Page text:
May 23, 2015
Earning a diploma from a prestigious university can surround you with ambitious students who are at the top of their class, and on your resume it may impress potential employers. That could open lots of doors and potentially lead to higher income.
There are also career choices or professional fields that hold the promise of greater earning power. When there is a shortage of skilled workers in a particular specialty, that pushes up salaries and makes it easier to land a job right out of school. Choosing that kind of high-demand career could lead to greater income.
So which should you choose to get the most out of your education? Is it better to attend the most prestigious school possible, or to select an academic major that will lead to a more lucrative career after graduation? Let’s look at what the research shows.
Is it the college or the student that makes the difference?
One recent report revealed that students who attend more selective or prestigious universities earn more money later in their careers. On the surface that might indicate that going to an Ivy League school, for example, is a better long-term investment. But there are other factors that influence earning power that should be taken into consideration. Students who manage to work hard and make the excellent grades needed to go to those top-tier colleges are likely more ambitious and disciplined. Those traits alone could help them achieve greater career success and earn more money, regardless of what college they attend.
Are prestigious colleges an advantage for getting hired?
Sometimes companies do prefer to hire people with prestigious college credentials. So graduation from an impressive university can definitely impress those who make hiring decisions. But that’s not their primary concern, according to a 2013 Gallup Poll that surveyed corporate leaders and asked them about their hiring process. Less than 10% of respondents said that what college someone attended was “very important.” When questioned about four factors that influenced their hiring decisions, the majority of employers ranked which college a potential candidate attended as the least import of all.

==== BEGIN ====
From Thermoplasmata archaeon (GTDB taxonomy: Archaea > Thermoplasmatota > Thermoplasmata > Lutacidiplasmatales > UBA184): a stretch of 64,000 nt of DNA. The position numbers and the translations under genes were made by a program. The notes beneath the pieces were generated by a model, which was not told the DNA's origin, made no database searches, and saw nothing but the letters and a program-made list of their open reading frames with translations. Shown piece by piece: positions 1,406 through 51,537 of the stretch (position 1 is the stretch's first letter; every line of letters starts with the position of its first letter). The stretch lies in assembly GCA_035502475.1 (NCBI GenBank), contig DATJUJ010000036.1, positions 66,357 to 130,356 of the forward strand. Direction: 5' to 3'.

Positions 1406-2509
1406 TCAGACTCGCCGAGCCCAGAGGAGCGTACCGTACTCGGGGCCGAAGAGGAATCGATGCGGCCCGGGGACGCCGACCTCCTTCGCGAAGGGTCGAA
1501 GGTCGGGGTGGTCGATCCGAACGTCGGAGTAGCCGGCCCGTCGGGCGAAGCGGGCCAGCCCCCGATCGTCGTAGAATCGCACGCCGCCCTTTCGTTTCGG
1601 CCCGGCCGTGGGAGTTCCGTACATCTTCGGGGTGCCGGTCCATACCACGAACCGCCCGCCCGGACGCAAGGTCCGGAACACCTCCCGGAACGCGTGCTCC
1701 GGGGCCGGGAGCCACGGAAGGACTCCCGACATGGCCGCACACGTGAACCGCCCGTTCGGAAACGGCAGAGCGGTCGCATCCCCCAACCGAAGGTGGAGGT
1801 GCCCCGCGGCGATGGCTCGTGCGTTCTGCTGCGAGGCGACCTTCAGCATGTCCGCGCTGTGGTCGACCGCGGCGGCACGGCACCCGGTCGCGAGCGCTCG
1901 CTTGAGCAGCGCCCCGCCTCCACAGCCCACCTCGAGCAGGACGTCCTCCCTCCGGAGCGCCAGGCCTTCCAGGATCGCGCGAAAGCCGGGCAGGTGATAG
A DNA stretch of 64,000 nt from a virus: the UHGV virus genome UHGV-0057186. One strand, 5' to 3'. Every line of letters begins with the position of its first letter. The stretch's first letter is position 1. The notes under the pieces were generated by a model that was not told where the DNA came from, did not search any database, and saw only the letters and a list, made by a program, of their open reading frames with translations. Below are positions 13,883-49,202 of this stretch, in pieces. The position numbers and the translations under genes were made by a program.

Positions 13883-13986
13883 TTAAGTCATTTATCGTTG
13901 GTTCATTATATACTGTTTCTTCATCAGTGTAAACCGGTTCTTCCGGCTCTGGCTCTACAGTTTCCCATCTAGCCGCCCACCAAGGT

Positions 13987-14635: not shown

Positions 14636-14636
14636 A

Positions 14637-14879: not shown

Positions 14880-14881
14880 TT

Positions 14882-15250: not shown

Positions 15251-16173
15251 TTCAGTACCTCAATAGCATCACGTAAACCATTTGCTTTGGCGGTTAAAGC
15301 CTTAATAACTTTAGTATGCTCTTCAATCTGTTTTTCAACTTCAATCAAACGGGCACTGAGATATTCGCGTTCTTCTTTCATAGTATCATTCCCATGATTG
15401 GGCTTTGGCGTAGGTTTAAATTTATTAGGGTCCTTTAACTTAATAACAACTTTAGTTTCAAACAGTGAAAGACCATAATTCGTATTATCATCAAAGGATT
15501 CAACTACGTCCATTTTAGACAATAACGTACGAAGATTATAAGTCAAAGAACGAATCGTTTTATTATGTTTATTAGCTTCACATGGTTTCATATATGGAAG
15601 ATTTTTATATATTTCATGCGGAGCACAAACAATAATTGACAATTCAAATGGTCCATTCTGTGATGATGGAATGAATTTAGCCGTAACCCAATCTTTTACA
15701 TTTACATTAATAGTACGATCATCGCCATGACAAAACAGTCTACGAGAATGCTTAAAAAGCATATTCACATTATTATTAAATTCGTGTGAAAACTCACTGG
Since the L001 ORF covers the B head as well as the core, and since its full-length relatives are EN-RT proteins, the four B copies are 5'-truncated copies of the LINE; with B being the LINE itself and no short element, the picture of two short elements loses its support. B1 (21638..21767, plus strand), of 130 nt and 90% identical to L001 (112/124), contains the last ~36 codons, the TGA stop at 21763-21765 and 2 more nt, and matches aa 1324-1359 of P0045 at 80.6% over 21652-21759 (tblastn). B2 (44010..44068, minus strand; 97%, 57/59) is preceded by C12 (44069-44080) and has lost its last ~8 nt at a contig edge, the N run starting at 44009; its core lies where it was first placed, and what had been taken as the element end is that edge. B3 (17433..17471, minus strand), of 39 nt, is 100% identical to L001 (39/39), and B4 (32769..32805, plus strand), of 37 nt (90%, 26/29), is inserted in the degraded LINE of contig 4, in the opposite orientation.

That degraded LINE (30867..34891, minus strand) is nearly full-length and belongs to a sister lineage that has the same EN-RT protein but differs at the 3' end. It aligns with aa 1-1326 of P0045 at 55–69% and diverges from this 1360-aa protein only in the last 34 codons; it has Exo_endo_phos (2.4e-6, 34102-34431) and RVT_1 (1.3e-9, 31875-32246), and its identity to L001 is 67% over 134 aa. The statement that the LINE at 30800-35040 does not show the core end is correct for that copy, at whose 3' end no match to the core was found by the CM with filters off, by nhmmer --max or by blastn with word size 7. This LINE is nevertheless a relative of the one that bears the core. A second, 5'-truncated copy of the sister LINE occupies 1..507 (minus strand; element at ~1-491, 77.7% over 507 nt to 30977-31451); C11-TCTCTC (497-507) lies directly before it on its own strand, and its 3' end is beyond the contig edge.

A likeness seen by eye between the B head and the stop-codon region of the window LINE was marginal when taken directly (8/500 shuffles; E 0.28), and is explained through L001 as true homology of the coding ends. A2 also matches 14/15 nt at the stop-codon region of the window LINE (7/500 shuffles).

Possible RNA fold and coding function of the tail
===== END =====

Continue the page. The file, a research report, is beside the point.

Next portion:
How important are your major and your grades?
Those same business leaders did, however, say that one’s academic major played a significant role in their hiring decisions. How you perform as a student is also important, because it can be a predictor of how one will perform in the workplace. Generally speaking, if you have a high GPA that means that you worked especially hard and executed your assignments – and those are traits that every employer values. That’s why HR departments and potential employers look at your resume they take note of your grade point average.
Should you pick a school where you can excel and also learn?
If you attend a top school where the curriculum is especially demanding and you are competing for grades against some of the best students in the world, your grades could suffer from the pressure. After graduation an employer may not think about those factors as they skim your resume, however, and what may jump out at them more is a mediocre GPA. So a good argument can be made for attending the best school where you can also stand out in the crowd and achieve superior grades. That could be more beneficial than going to a prestigious school but earning lackluster grades that don’t look so great on paper.
Which choice is best for me?
The often-cited academic research published by Alan Krueger and Stacy Berg Dale on this subject found that attending a more selective and prestigious institution does not have any significant impact on your earnings. They concluded that the fact that you do go to college is more important than where you go to college. Data from the U.S. Census Bureau validates that conclusion, showing that college grads earn almost twice as much as those who only have a high school diploma.
What is especially important is that you are motivated, both in college and in your career. Choose a major and a career that you are passionate about, and you will have a much greater chance of success that translates into higher income. Also take full advantage of any resources available to you such as career counselors who can help you identify a career that will excite you while also ensuring a chance to earn as much money as possible.
Please note that the information provided on this website is provided on a general basis and may not apply to your own specific individual needs, goals, financial position, experience, etc. LendKey does not guarantee that the information provided on any third-party website that LendKey offers a hyperlink to is up-to-date and accurate at the time you access it, and LendKey does not guarantee that information provided on such external websites (and this website) is best-suited for your particular circumstances. Therefore, you may want to consult with an expert (financial adviser, school financial aid office, etc.) before making financial decisions that may be discussed on this website.
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